Incident Management System: The Facility Incident Command Center (FICC) and the designated Incident Commander (IC) are consistent with the NIMS protocols: Establish a central location in the facility as the FICC with phone lines, computer terminals, adequate seating, white boards, TV monitor, and radios. The FICC delineates the integrated approach for controlling personnel, facilities, equipment, and communications. Not all events will require a full-scale activation. Activation of the FICC will be determined by the Incident Commander.

Activation of Disaster Organization Chart

During the mobilization stage of an emergency response the facility transitions from the normal organization chart to the disaster organizational chart. This organization chart is based on the FICC platform, which follows the framework of both the NIMS and regional/local government response agencies. The following chart organizes response functions into five areas and the incident commander designates key staff to act as support commanders:

 Incident Commander (IC)

  • Direct and facilitate on-scene response
  • Appoint incident command positions and responsibilities
  • Plan situational briefs
  • Determine the incident objectives and strategy; determine mission-critical information, facilitate planning/strategy meetings
  • Identify priorities and activities; provide impact assessment for business continuity and crisis communications
  • Review and approve resource requests
  • Terminate the response and demobilize resources

Logistics

  • Provide resources for support personnel, systems, and equipment:

  • Meeting space
  • Media briefing center
  • Transportation
  • Communications equipment
  • Food, water, shelter, and first aide

  • Facilitate communications between staff/local officials/licensing and emergency agencies
  • Provide logistics input at planning meetings and updates on resources (availability, response time, deployment)

Planning

  • Schedule and facilitate planning meetings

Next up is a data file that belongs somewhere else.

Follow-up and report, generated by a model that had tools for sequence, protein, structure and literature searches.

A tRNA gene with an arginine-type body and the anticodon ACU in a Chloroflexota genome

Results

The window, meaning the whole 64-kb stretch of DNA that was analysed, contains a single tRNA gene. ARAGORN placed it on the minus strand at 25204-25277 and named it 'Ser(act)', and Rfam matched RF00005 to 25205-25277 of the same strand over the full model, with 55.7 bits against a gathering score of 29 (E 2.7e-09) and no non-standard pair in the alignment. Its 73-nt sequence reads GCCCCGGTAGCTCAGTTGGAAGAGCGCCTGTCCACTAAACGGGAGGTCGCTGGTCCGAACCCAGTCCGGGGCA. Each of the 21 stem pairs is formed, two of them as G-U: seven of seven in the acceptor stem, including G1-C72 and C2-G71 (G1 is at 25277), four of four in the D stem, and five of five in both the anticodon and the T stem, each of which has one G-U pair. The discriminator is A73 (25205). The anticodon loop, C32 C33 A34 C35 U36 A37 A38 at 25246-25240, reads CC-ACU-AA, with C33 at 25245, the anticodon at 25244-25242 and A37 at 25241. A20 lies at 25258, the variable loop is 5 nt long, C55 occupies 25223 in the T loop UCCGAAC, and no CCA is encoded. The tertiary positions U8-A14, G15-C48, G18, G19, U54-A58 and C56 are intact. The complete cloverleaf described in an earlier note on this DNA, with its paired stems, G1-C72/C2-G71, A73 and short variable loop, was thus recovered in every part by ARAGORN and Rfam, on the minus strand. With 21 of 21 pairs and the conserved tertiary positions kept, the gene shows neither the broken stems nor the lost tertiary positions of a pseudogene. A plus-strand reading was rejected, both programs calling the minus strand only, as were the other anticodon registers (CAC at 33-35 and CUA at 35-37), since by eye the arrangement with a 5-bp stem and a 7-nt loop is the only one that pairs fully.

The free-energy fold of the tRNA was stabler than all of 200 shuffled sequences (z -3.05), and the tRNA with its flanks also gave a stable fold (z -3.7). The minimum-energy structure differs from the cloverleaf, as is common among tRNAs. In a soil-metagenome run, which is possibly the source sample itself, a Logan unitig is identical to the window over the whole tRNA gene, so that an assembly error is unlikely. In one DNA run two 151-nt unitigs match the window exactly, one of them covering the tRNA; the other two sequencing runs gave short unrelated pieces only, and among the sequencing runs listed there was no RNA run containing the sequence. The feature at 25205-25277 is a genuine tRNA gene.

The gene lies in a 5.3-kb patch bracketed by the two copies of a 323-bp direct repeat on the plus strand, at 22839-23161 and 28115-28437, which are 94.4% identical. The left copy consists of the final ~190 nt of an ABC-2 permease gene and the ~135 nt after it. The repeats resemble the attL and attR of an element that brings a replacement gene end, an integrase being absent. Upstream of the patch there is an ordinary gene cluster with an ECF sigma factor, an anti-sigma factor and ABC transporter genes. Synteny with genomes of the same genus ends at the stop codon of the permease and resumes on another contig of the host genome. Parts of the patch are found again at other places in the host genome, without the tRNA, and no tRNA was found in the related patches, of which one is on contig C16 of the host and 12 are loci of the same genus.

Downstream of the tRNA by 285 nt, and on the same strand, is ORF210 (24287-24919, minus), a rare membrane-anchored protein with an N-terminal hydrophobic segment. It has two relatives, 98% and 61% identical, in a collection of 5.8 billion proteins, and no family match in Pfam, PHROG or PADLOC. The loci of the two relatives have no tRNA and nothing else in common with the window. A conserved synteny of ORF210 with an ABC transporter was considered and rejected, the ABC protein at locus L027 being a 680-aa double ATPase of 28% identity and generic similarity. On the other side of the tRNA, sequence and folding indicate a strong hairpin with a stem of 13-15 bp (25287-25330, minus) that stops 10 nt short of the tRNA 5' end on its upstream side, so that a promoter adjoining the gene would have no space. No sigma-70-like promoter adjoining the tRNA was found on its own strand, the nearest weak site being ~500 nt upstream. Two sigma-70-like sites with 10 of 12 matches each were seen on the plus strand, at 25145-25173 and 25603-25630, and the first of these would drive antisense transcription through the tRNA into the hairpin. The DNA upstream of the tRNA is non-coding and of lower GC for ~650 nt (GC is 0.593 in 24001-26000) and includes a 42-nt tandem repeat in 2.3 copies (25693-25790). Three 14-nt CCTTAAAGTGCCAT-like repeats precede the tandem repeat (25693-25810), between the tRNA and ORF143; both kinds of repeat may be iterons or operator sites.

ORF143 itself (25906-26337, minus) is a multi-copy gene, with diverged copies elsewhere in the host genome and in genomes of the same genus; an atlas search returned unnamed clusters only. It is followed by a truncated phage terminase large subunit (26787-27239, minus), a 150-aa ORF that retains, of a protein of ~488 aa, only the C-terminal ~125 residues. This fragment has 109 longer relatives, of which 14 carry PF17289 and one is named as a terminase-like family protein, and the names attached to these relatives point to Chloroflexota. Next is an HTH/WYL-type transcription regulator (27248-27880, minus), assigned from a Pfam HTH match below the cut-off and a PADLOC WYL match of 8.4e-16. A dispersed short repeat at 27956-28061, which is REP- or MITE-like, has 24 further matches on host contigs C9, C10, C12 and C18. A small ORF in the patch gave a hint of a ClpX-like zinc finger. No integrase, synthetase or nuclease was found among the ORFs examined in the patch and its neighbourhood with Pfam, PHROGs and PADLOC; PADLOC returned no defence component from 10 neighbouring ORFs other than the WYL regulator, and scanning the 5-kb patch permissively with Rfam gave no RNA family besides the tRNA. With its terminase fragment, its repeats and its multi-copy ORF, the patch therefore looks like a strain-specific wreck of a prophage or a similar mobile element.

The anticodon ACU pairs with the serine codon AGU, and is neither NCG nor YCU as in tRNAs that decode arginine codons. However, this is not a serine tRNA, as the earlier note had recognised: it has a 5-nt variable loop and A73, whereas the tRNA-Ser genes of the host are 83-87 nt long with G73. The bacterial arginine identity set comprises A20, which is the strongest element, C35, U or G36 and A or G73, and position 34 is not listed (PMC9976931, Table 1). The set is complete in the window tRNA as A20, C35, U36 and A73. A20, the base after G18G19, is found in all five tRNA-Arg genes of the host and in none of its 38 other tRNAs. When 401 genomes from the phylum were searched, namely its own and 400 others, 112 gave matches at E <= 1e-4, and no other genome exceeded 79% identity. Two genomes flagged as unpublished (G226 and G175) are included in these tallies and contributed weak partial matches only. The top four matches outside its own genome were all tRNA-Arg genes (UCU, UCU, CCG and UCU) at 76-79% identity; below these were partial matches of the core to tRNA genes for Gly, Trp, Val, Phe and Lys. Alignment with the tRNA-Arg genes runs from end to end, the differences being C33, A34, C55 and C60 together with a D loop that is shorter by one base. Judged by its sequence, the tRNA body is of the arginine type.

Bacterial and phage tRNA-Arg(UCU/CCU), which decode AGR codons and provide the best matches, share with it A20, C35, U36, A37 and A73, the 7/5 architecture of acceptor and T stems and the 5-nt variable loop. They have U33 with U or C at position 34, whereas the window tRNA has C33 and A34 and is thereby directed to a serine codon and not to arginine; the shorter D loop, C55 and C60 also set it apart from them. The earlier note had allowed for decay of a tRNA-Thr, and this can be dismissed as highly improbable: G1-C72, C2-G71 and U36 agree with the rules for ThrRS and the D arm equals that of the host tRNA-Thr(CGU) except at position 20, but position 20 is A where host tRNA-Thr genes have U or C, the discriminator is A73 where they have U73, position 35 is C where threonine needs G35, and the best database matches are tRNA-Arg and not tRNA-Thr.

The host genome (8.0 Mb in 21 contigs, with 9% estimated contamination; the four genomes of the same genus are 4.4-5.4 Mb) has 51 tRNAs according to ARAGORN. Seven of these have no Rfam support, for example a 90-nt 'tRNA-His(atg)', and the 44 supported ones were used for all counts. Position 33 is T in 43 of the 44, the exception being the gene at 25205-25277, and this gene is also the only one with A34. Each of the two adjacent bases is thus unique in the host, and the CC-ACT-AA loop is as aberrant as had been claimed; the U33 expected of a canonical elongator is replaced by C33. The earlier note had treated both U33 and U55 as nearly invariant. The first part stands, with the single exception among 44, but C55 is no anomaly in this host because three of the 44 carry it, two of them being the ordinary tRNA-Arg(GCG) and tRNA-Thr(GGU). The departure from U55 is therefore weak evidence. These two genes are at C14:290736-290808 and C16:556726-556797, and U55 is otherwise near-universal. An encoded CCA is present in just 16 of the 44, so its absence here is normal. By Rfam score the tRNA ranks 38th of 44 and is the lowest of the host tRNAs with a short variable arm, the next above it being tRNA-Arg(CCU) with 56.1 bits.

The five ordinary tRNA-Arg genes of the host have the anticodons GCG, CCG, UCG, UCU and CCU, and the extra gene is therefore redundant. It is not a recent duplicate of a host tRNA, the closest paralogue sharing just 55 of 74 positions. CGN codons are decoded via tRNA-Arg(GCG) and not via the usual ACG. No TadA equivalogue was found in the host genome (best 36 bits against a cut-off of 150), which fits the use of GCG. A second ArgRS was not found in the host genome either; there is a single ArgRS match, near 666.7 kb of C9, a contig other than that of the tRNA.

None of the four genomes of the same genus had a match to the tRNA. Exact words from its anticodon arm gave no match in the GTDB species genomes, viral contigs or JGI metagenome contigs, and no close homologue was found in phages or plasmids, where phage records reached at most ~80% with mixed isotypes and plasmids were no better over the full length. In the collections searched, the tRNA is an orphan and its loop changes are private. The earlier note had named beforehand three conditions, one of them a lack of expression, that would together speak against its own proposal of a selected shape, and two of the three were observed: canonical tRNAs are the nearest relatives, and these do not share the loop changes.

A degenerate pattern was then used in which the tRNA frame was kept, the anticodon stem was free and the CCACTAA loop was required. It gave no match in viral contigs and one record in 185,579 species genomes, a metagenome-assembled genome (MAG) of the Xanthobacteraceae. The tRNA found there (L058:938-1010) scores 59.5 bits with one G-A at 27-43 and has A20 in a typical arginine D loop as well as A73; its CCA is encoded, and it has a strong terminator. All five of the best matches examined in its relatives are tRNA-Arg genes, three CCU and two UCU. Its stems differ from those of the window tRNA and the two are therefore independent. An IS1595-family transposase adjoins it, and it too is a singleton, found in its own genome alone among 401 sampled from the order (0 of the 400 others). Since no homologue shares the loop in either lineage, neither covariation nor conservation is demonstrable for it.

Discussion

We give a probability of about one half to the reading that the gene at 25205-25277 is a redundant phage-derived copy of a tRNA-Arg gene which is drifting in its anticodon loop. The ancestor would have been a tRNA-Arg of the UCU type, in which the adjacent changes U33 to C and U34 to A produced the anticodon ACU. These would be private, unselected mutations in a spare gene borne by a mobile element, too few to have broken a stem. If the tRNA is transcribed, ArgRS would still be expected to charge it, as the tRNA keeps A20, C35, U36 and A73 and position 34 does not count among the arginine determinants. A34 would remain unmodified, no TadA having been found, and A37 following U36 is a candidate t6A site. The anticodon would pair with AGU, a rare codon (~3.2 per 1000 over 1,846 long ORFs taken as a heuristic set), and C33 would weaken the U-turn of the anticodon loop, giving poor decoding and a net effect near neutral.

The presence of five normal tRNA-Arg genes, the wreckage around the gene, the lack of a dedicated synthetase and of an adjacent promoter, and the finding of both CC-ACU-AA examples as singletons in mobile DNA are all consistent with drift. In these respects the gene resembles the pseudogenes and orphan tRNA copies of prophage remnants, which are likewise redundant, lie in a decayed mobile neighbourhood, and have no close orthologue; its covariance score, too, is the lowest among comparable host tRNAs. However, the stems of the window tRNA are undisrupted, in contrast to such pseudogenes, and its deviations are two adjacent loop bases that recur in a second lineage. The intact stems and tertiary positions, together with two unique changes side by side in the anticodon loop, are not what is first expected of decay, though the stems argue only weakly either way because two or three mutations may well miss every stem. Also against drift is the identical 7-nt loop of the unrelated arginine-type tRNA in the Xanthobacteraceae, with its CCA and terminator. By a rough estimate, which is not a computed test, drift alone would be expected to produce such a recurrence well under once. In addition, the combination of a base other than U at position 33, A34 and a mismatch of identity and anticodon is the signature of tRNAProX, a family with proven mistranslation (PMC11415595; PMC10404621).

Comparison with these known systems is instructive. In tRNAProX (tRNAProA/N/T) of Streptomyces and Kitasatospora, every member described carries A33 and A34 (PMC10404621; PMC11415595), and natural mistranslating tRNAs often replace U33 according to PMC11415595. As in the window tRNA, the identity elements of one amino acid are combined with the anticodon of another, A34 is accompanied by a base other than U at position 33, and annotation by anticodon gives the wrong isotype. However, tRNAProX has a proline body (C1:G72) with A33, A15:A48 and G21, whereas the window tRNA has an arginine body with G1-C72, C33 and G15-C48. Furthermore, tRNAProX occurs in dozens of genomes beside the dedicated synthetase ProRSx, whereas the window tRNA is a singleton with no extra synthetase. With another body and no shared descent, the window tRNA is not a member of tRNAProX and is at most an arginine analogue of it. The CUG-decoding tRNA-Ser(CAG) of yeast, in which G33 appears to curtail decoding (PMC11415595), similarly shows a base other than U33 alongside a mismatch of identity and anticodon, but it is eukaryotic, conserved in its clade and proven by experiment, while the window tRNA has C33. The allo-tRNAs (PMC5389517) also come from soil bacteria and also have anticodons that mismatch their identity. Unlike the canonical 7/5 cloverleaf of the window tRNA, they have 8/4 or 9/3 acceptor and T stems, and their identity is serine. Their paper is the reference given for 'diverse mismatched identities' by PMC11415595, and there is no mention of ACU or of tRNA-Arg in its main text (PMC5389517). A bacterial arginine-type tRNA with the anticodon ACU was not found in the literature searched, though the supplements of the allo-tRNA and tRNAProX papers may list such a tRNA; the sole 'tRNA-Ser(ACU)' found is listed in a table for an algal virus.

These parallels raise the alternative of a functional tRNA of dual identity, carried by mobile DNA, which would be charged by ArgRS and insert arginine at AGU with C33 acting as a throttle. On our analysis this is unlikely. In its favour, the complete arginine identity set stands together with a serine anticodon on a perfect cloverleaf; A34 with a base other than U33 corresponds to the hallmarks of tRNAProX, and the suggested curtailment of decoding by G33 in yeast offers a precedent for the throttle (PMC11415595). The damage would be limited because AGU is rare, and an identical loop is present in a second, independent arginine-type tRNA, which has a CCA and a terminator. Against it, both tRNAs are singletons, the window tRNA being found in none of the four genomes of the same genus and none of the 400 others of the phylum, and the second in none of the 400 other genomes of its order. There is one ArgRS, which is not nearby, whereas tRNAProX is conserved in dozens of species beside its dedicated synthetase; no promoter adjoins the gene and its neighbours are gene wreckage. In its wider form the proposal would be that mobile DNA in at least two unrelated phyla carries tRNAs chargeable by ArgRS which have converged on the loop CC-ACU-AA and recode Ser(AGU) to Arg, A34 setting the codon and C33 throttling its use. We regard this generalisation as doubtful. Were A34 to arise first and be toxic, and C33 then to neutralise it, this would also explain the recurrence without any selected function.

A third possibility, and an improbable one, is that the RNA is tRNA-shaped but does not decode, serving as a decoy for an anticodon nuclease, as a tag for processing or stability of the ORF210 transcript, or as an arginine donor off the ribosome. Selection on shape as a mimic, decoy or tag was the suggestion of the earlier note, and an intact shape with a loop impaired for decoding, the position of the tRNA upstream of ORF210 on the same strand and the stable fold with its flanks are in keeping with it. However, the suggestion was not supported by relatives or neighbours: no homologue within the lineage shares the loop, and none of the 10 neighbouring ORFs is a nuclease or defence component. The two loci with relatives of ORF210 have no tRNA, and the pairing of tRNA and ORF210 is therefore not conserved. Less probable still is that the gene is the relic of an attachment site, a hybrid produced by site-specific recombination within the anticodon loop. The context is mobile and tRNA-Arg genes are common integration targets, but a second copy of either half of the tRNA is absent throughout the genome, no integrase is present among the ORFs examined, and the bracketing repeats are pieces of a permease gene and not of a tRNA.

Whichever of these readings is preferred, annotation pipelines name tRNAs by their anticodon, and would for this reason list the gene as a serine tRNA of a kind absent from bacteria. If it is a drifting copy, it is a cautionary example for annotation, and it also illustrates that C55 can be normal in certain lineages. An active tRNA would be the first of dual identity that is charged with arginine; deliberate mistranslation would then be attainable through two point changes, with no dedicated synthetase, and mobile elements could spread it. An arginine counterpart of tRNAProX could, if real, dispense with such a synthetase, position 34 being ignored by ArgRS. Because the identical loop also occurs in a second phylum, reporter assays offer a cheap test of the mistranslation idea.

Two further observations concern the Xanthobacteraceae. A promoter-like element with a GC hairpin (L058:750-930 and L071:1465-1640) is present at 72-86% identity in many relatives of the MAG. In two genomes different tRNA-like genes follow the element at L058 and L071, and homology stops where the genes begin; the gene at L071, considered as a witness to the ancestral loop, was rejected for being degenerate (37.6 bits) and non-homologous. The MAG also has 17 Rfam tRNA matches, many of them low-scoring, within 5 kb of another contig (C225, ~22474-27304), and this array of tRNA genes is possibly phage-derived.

• Supervise development of action plans
  • Ascertain need for subject-matter experts to support response efforts
  • Coordinate business continuity
  • Assess current and potential impacts on facility

Finance

  • Manage financial aspects of incident
  • Provide cost analysis as needed
  • Track staff time and incident-related costs
  • Document claims for damage, liability, and injuries
  • Notify insurance carriers
  • Provide incurred and forecasted costs at planning meetings
  • Monitor financial expenditures, new leases, contracts, and agreements in compliance with CMS conditions-of-participation

Operations

  • Manage tactical operations
  • Develop operation plan
  • Ensure safe tactical operations for emergency responders
  • Request resources to support tactical operations
  • Expedite changes in operations plan as necessary

:##:

Emergency Communication Plan

Facility provides for a variety of communication redundancies for emergency events. Off-duty staff mobilization is initiated via:

  • Departmental employee call-in lists
  • Batch email and texting
  • Call-in hotline with tailored message

External communication during emergencies will be coordinated by the FICC designee.  The EPP details specific emergency plans for external agency notification requirements. Residents of the facility will be kept informed of events by members of the FICC.  Additional communication redundancies include the following:

  • Emergency codes: Paged overhead 
  • Land lines: Hard-wired for internal/external communications
  • Cellular phones/texting: Department head and personal cell phones can be used if hard lines become inoperable.
  • Two-way Radios:  FICC will distribute for internal communications  
  • HAM Radios: Amateur radio operations as the situation dictates
  • Internet: For multi-media communication
  • Media Outlets (radio, news)
  • Emergency weather radio: Keeps facility staff aware of current conditions that may impact operations.